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Living in the United States Under Temporary Protective Status

The United States allows individuals temporary immigration status who cannot return to their country of national origin safely due to extraordinary conditions such as war or environmental disaster. The Department of Homeland Security designates certain countries for protective status depending upon the conditions that qualify.

Those who reside in the United States under Temporary Protective Status (TPS) cannot be removed, may obtain employment, and may be authorized to travel. In order for an individual to qualify for residency privileges under TPS, they must:

  • Meet the physical presence and residence requirements of that nation's TPS designation
  • Not have been convicted of security related issues, a felony, or two misdemeanors
  • Apply within the time frame designated by the nation's TPS order

Each nation assigned TPS has its own designated guidelines that must be followed for individuals to qualify for residency. The nations currently assigned TPS include El Salvador, Haiti, Honduras, Nicaragua, Somalia, Sudan, South Sudan, Syria, Guinea, Liberia and Sierra Leone.

To file as a beneficiary under TPS, it is necessary to file the application (Form I-821), and Form I-765 for employment authorization. The I-765 must be filed even if you do not have plans to work. The fees vary according to age of the applicant, but generally there is a $50 fee for all applicants, and an $85 biometrics fee (for processing of finger prints, photograph, etc) for those aged 14 and over. Fee waivers are available to those who cannot afford these fees. You may also need to apply for a Waiver of Grounds of Inadmissibility if there are conditions for which you would be otherwise ineligible for TPS. Waivers are generally granted is there is an overriding interest such as keeping the family together, or for humanitarian purposes.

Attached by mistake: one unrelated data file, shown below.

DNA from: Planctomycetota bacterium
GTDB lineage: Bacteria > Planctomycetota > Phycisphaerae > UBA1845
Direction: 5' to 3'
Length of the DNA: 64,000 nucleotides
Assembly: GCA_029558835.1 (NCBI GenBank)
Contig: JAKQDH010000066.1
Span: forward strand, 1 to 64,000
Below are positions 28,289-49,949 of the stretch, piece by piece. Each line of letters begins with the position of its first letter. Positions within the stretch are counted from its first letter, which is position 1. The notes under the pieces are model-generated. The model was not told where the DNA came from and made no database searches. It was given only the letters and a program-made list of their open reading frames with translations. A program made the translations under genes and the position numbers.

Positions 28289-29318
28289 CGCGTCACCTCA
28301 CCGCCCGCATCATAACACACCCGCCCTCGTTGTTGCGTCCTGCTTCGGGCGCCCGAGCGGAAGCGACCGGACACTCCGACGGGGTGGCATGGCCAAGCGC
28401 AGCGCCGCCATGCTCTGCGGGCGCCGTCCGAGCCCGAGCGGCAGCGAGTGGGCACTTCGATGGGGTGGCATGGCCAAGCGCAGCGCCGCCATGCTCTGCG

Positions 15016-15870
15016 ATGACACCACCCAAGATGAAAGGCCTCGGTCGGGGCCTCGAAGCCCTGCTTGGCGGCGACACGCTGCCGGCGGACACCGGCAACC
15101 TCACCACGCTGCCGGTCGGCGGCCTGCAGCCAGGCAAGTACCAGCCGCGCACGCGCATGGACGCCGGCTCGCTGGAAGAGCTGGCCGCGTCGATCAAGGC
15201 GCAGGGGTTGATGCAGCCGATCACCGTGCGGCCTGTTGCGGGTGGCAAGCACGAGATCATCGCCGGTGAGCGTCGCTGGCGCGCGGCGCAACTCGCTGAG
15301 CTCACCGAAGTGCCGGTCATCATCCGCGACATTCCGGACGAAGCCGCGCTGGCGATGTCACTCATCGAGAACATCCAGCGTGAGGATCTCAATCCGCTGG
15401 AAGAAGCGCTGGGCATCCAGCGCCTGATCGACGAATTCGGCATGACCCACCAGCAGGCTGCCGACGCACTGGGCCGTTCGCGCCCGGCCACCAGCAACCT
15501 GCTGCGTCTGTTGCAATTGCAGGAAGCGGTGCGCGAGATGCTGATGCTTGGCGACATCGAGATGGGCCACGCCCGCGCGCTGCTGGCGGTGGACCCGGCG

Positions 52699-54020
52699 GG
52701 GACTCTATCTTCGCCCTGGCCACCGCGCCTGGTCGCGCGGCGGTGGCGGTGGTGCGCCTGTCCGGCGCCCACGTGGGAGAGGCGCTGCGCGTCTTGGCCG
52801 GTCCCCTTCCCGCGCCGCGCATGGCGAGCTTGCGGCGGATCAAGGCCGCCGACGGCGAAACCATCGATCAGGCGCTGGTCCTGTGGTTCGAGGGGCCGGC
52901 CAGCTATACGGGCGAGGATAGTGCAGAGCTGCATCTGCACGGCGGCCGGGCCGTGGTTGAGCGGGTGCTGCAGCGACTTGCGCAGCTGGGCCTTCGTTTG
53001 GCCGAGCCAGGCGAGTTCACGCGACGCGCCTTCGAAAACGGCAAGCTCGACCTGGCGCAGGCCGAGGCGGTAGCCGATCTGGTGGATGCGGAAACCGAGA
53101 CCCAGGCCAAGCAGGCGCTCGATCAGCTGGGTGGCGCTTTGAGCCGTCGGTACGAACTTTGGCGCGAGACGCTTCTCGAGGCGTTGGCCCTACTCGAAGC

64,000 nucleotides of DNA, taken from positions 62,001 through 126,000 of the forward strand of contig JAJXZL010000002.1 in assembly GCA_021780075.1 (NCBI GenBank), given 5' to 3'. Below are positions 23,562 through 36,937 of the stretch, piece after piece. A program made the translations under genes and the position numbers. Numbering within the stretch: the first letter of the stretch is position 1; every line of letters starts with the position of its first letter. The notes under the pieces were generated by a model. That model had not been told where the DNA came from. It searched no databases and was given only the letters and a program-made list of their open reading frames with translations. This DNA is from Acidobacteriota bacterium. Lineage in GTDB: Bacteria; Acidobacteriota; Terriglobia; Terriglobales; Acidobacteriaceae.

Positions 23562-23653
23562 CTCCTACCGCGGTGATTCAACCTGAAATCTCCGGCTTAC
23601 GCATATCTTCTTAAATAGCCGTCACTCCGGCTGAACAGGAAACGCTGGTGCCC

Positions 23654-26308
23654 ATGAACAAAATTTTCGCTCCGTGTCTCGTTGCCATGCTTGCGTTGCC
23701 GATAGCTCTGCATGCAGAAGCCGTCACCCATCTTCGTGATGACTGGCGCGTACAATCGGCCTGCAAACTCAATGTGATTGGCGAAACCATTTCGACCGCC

In addition, evidence must be submitted regarding national identity, date of entry into the United States, and residency in the United States. Evidence can include passport, a birth certificate, or any documents issued by the embassy of the country of national origin. If such evidence is unobtainable, an affidavit stating the reasons why the documents are not available must be submitted to USCIS.

It is important that an applicant be aware of the deadlines to reregister for TPS to avoid any issues that may arise with late filing.

Countries for which the United States is Currently Offering Temporary Protective Status and their Associated Expiration Dates

  • El Salvador: September 9, 2016
  • Guinea: May 21, 2016
  • Haiti: January 22, 2016
  • Honduras: July 5, 2016
  • Liberia: May 21, 2016
  • Nicaragua: July 5, 2016
  • Sierra Leone: May 21, 2016
  • Somalia: September 17, 2015
  • Sudan: May 2, 2016
  • South: Sudan May 2, 2016
  • Syria: September 30, 2016

Filing for Temporary Protective Status can often be a confusing process. Consult with an experienced immigration attorney who will be able to help you navigate. The Law Office of Caterina Ranieri Grasso works with clients in New York State and throughout the United States to assist individuals who qualify for Temporary Protective Status. If you would like to schedule a consultation, please call (315) 410-0119 or email info@o1visaattorney.com.


Caterina Ranieri Grasso, Esq. | Call (315) 410-0119

Caterina Ranieri Grasso
Of Counsel
Bousquet Holstein PLLC

110 West Fayette Street
One Lincoln Center, Suite 1000
Syracuse, New York 13202
Phone: (315) 701-6462

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